by Danitra Sherman
When we started the Campaign for Smart Justice a few years back, we knew that a cornerstone of the work to reduce incarceration by half and to challenge racism in the criminal legal system would be a vast reduction of the use of cash bail and pretrial detention.
Pretrial detention — the practice of incarcerating a person before they have been convicted of a crime — has devastating consequences and, without exception, disproportionately impacts those with lower incomes and people of color. When someone is locked up pretrial, they can lose their job, their housing, their car, or worse in a matter of days or weeks.
Jails are often deadly, especially for people in pretrial detention. Nationwide, three-quarters of jail deaths occur among people in pretrial detention, and more than one-third of deaths occur within seven days of incarceration. Nationally, 82 percent of all jail suicides occur among people in “unconvicted” status. The numbers are harrowing, but the countless individual stories, like that of Kalief Browder, truly drive home the barbarity of this broken system.
But the reality is, this broken system only exists for those who cannot buy their way out of it. For wealthier individuals who can afford to pay cash bail, their experience in the criminal legal system will be vastly different from those who cannot afford cash bail and end up in pretrial detention as a result.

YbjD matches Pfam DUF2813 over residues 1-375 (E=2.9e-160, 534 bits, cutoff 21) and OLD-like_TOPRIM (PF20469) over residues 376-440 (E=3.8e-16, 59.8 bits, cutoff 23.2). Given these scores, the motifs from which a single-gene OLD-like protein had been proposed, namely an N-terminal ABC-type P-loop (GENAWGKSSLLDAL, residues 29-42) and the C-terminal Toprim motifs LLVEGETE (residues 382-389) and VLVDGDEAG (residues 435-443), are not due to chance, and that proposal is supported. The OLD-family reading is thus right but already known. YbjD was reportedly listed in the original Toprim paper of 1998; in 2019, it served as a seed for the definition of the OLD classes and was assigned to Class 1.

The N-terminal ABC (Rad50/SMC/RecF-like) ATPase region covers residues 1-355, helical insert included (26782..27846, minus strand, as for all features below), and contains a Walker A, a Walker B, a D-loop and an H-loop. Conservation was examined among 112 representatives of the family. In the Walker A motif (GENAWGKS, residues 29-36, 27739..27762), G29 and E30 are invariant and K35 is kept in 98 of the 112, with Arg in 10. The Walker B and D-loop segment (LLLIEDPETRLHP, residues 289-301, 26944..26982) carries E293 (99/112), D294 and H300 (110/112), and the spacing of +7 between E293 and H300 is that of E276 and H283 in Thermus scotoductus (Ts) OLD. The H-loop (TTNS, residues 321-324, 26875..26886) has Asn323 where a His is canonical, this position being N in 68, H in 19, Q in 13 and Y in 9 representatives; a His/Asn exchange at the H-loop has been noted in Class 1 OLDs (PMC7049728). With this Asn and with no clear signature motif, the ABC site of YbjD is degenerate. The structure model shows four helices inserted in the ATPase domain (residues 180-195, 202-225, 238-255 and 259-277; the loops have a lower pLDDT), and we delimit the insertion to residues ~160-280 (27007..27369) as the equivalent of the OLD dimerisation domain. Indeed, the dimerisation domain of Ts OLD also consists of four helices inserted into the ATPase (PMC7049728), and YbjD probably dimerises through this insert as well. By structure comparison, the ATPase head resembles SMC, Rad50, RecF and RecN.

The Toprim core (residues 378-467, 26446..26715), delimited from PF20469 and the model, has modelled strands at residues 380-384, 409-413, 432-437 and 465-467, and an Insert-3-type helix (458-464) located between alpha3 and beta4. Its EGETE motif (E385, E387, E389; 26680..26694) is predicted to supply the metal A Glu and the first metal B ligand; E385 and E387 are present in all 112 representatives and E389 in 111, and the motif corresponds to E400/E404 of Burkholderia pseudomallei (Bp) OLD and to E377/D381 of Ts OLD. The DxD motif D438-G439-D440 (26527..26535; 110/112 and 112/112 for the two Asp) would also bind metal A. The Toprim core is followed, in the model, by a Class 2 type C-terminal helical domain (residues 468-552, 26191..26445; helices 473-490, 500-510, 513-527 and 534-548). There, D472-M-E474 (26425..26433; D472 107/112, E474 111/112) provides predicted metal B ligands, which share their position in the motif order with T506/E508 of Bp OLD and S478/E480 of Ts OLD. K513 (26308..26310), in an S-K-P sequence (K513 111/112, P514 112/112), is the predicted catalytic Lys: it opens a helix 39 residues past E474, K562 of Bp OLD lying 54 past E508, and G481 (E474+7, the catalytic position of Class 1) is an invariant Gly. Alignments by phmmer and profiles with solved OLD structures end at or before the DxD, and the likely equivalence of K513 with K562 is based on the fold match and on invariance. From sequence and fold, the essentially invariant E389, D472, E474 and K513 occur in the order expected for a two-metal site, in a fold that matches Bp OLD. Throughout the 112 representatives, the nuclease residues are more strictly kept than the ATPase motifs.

Pennsylvania, the state with the highest incarceration rate in the Northeast, is no exception when it comes to cash bail and pretrial detention driving the mass incarceration crisis across the commonwealth. That’s why we’ve been investigating where the use of cash bail and pretrial detention has been particularly problematic and working to challenge and put an end to those practices, wherever possible.
Our new report, Punishing Poverty: Cash Bail in Allegheny County, is an analysis of how cash bail drives an epidemic of pretrial detention in Allegheny County.
The findings in the report were disturbing. Despite talk of reform from a number of elected officials and other decision-makers, our analysis found that cash bail was still being set in more than a quarter of initial bail assignments. Particularly shocking was…